Most of the Federal Trade Commission’s (FTC) law enforcement actions involving payment processors have exclusively focused on allegations that processors did not do sufficient due diligence before onboarding questionable merchants. The latest payment processing case, however, has a bit of a novel twist and focuses instead on alleged deceptions aimed at the merchants that were using the defendant processor. Indeed, the case is a bit of a surprise, much like how I felt the other morning when I remembered that Renaissance had finally dropped. It (the case, not Renaissance) also provides some helpful reminders about three areas of interest to the FTC – small businesses, online disclosures and marketing in different languages.
Last week, the Federal Trade Commission (FTC) and the National Labor Relations Board (NLRB) announced that the agencies had entered into a new Memorandum of Understanding (MOU). The FTC press release touted the MOU as a big deal, stating that it would “bolster the FTC’s efforts to protect workers by promoting competitive U.S. labor markets and putting an end to unfair practices that harm workers.” The NLRB Press Release was a bit less definitive, describing it as “a partnership between the agencies that will promote fair competition and advance workers’ rights.” And this week, the Department of Justice (DOJ) Antitrust Division announced its own MOU with the NLRB.
“What is ad tech?” That is a question I’ve been asked and have answered numerous times. I recently joined BakerHostetler’s Chicago office in the Digital Assets and Data Management Practice Group after spending almost eight years at Publicis Groupe, where I led a team of attorneys supporting business units focused on media, data and advertising technology (“ad tech”). As part of this transition, I’ve had the opportunity to meet many new lawyers at the firm and their existing and potential new clients, and that has required honing my proverbial “elevator pitch.” That elevator speech always includes a discussion of ad tech, starting with an explanation of what it is.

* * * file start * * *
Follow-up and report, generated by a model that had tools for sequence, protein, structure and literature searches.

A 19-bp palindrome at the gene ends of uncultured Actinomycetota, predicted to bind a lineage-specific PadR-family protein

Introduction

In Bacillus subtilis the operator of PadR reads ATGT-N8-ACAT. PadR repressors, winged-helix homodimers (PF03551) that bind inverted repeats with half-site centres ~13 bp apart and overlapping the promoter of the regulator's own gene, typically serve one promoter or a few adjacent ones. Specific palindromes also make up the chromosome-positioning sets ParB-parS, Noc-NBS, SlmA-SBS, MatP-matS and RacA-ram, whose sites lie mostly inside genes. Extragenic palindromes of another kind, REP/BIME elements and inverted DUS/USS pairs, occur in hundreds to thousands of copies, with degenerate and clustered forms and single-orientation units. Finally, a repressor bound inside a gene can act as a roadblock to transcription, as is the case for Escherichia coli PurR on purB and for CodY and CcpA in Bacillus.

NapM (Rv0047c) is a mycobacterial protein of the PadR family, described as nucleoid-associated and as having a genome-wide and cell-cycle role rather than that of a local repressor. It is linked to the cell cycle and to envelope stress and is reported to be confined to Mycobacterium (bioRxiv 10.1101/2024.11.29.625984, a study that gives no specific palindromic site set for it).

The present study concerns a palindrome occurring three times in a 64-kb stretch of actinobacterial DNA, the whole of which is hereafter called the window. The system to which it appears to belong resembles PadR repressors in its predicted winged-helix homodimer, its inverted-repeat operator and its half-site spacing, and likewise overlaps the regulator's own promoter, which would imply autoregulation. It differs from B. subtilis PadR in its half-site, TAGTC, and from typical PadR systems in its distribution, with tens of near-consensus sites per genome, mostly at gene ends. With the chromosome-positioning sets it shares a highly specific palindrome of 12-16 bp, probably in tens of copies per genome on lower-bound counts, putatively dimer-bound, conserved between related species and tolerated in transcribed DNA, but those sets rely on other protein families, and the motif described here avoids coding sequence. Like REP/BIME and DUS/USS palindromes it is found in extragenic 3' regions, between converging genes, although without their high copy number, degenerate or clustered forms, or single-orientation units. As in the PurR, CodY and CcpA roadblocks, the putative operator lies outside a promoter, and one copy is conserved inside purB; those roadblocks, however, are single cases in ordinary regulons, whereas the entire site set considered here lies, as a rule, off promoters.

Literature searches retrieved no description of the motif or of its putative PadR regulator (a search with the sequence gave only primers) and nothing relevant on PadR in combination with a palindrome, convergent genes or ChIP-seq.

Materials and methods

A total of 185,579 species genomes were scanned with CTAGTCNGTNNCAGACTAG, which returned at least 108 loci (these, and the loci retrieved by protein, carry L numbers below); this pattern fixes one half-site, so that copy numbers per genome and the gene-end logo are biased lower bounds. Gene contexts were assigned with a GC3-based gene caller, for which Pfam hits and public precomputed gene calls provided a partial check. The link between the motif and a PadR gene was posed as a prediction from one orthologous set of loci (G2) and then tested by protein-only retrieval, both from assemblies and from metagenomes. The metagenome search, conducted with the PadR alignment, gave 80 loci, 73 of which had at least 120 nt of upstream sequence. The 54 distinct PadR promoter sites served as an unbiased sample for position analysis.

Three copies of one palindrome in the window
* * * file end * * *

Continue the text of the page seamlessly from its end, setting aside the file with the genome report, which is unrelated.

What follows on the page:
“Right to repair” is a consumer protection issue that is rapidly picking up steam. In addition to federal legislation that was introduced in 2022, there has been quite a lot of recent state legislative activity. And we have seen a lot more Federal Trade Commission (FTC) activity on the issue lately.
So what exactly is the right to repair? A 2021 FTC report to Congress, cleverly called “Nixing the Fix,” described the right to repair as addressing how manufacturers may limit repairs by consumers and repair shops, and how those limitations may increase costs and limit consumer choices. The report discussed the issue through a broad regulatory lens and discussed several potential FTC repair tools in this area, including the Magnuson-Moss Warranty Act. The Mag-Moss Warranty Act – not to be confused with Mag-Moss rulemaking – broadly addresses issues involving warranties for consumer products. The “anti-tying” section of the act generally prohibits warranty provisions that provide that a consumer will lose warranty coverage if they don’t use company parts for repair unless the company also provides those parts free of charge. There is a lot more to the act, but for today, that’s all we need to know. In short, the anti-tying provisions do not look kindly on warranty provisions that restrict repair options for consumers.